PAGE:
I am worried that my child is vulnerable to bullying

  • It is natural to worry about your child and bullying but you have a key role in supporting your child as they face challenges through childhood and adolescence. If you are worried that your child might be vulnerable to bullying it is important that you maintain an open and trusting relationship in which your child feels confident to share concerns with you. Make sure you listen to them at all times and agree the action you will take. Often children are terrified that parents will act without their permission and make the situation worse.
  • Depending on your child’s age and development you may want to alert school staff to your concerns. Ask them to keep a discrete eye on your child and their interactions with others.
  • Don’t panic or become over protective – your child must be allowed to experience life and form new relationships – safe in the knowledge that you are always there for them. It also helps to encourage your child to develop friendships outside school and to take part in activities that build confidence and resilience (e.g. Brownies, Scouts and Guides, drama and dance, martial arts, team sports, local youth groups). It is also important to encourage your child not to spend all their time on social networks and to have a healthy attitude to relationships online. This includes discussing issues of friendship and trust online – and the sharing of personal information.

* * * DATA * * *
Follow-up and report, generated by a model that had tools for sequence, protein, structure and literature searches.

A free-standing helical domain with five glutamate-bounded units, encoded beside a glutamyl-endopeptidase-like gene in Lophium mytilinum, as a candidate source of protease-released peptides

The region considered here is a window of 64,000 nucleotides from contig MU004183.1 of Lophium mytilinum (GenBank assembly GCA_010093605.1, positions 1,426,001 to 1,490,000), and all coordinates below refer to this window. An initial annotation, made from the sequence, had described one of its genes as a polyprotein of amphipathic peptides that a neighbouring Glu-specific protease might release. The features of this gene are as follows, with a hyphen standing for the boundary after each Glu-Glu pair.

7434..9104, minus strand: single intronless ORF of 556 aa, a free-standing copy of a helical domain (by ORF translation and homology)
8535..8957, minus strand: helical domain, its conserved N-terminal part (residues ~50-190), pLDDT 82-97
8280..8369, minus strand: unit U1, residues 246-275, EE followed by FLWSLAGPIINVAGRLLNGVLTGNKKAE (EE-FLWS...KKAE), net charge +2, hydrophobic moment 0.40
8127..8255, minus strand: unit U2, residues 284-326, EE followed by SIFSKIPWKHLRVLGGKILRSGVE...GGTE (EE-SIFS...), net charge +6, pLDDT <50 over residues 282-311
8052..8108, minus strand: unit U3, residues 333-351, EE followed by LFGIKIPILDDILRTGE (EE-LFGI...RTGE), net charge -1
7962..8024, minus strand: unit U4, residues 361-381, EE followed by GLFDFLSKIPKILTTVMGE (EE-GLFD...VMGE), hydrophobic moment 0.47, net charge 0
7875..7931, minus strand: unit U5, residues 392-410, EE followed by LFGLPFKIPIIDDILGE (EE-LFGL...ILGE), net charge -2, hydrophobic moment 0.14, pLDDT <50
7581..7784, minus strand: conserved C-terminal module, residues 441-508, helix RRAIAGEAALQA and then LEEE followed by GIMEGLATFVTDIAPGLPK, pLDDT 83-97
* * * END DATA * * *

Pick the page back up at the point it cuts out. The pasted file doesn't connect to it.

What should I do if I think my child is being bullied?

Step 1

  • Talk to your child, explain to them what bullying is and what it makes people feel like. Ask your child if anything like this is happening to them and what it makes them feel like. If your child discloses that they are being bullied speak calmly and reassuringly to them and discuss what steps should be taken going forward. Ask your child what they have already tried to do to stop it. Bear in mind many children do not tell their parents because they are frightened that they will approach the school about the matter, make a fuss and make things worse, so it is a good idea to ask your child what they think could be done to stop the bullying.
  • Make notes of what your child says, particularly names, dates, what happened and where it happened.